Working together towards reconciliation

Published on 29 May 2023


The City of Tea Tree Gully is proud to be working with local Kaurna Elders and First Nations teachers and artists to celebrate Reconciliation Week.

The demand for the events we've created together has been overwhelming, and all events are now fully booked! This response shows our community's commitment to appreciating and learning about Aboriginal and Torres Strait Islander cultures, histories, and languages. We hope that these events encourage further understanding and respect, and inspire ongoing dedication towards reconciliation.

For those who can’t attend an event, we have created a two-part video series with Narungga/Kaurna Elder Uncle Tamaru, which introduces and teaches Kaurna language and culture to primary school children – it is available online here for everyone to enjoy.

If you are looking for activities this Reconciliation Week, we’ve listed below some local places you can visit to reflect and honour the rich heritage of Kaurna culture, as well as future reconciliation activities to keep an eye out for and films you can watch at home.

What is Reconciliation Week?


Running from 27 May to 3 June, Reconciliation Week is a time to reflect and learn about our shared country, histories, cultures and achievements. This year’s National Reconciliation Week theme is ‘Be a Voice for Generations’ and urges Australians to use their power, their words and their actions to create a better and more just Australia.

The City of Tea Tree Gully’s vision for reconciliation is for a thriving community that respects, understands and values Aboriginal and Torres Strait Islander peoples and cultures. We acknowledge the Kaurna people as the Aboriginal traditional owners and custodians of the lands and waters in the area now known as the City of Tea Tree Gully, and value the rich natural and cultural heritage that spans thousands of years of Kaurna history and culture.

Tea Tree Gully Mayor, Marijka Ryan, said, "Our commitment to paying respect, honouring, and celebrating the ongoing history and achievements of First Nations communities extends beyond Reconciliation Week and NAIDOC Week, and is one we aim to fulfil year-round."

Reconciliation Week activities

For Reconciliation Week, we are working together with local Kaurna Elders and First Nations teachers and artists to deliver a range of activities. These events have now all booked out, showcasing our community’s commitment to learning about and honouring First Nations peoples and cultures.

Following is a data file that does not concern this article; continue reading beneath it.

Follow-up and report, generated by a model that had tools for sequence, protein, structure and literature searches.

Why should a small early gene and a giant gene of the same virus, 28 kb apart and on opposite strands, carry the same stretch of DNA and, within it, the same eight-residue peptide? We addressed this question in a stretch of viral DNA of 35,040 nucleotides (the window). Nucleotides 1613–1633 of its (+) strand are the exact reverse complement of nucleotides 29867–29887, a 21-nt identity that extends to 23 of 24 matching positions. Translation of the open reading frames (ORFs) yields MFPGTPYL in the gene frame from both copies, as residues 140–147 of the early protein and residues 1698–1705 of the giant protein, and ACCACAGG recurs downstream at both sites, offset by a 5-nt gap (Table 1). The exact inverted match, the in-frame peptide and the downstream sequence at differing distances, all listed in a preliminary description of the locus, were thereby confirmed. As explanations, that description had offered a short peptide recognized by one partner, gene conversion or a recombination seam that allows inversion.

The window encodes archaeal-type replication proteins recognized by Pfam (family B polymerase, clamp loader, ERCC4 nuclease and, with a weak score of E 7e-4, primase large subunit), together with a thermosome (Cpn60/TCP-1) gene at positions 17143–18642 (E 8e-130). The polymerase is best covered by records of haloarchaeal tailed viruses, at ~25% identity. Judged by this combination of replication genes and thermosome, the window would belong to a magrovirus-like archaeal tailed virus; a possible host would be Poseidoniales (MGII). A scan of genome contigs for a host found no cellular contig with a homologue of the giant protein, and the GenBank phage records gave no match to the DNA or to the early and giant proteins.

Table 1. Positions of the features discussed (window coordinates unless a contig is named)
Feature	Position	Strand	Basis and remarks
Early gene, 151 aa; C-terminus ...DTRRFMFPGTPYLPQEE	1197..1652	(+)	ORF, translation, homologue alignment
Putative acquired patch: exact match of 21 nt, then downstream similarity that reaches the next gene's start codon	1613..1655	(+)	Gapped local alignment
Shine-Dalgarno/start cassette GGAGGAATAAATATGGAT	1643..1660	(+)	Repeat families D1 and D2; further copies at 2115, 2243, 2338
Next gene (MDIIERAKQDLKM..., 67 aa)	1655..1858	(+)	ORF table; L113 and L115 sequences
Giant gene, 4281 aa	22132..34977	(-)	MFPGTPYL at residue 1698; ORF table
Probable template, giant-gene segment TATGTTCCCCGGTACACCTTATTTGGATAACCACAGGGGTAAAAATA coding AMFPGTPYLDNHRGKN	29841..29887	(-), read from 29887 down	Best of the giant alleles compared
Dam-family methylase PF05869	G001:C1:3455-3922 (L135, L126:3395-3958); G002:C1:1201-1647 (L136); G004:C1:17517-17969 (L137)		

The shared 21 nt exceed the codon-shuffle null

Reconciliation Week planting with Uncle Tamaru

Event attendees will learn about Aboriginal culture from Uncle Tamaru while getting their hands dirty planting bush tucker.

This event aims to provide a meaningful and hands-on experience that promotes cultural understanding, respect and a sense of unity. By highlighting the wisdom and expertise passed down through generations and empowering attendees with knowledge about Aboriginal cultures, it encourages them to foster a connection to the land and inspires ongoing efforts toward reconciliation and sustainable practices.

This event is booked out.

National Reconciliation Week community art workshop with Nikki Carabetta from Mawurdu Gagu Arts

At this fun 2-hour workshop, attendees will have the opportunity to paint one of several Australian animals that will be attached to the outdoor art display on the Holden Hill Community Centre wall.

Inspired by the Dreamtime story 'Tiddalick the greedy frog', this activity provides a creative and engaging platform for attendees to celebrate and raise awareness of Aboriginal and Torres Strait Islander cultures through painting Australian animals, fostering community participation and promoting cultural understanding.

This event is booked out.

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‘Servant or Slave’ documentary screening and conversation with Dr Jenny Caruso

‘Servant or Slave’ is the real story of five Aboriginal women, told in their own words, revealing how they were removed from their families and forced against their will to serve in cruel conditions amounting to secret slavery. After the screening, Dr Jenni Caruso, an Eastern Arrente woman, whose personal experience is that of being a member of the Stolen Generations, will share her story and insights into this area of confronting Aboriginal history in Australia.

This event aims to raise awareness, promote a dialogue and give a voice to the historical experiences of the Stolen Generations, particularly the experiences of Aboriginal women, providing a platform for their stories to be shared and heard.

This event is booked out.

 Watch the film on Beamafilm for free with a Tea Tree Gully Library card.

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Kaurna Warra workshop – introduction to Kaurna language with Kaurna language teachers Kira Bain and Labhaoise Upton

Event attendees will delve into the richness and beauty of Kaurna language in this hour-long introductory workshop, where they will have the opportunity to learn the language of the traditional owners of the Adelaide Plains and explore its cultural significance to Kaurna people today. Experts will guide attendees through the basics of the language including pronunciation, vocabulary, basic grammar, and phrases and expressions for everyday communication.

This event aims to contribute to the revitalisation and preservation of Kaurna language, and supports efforts to maintain and celebrate cultural heritage, while empowering community members to actively engage with Kaurna language and culture.

This event is booked out.

Videos: Learn Kaurna language with Uncle Tamaru

Uncle Tamaru.JPGUncle Tamaru is a proud Narungga/Kaurna Elder and a teacher of Kaurna culture and language. In this two-part video series, Uncle Tamaru encourages us to speak in Kaurna language, teaches us how to say hello and also tells us who his favourite football team is.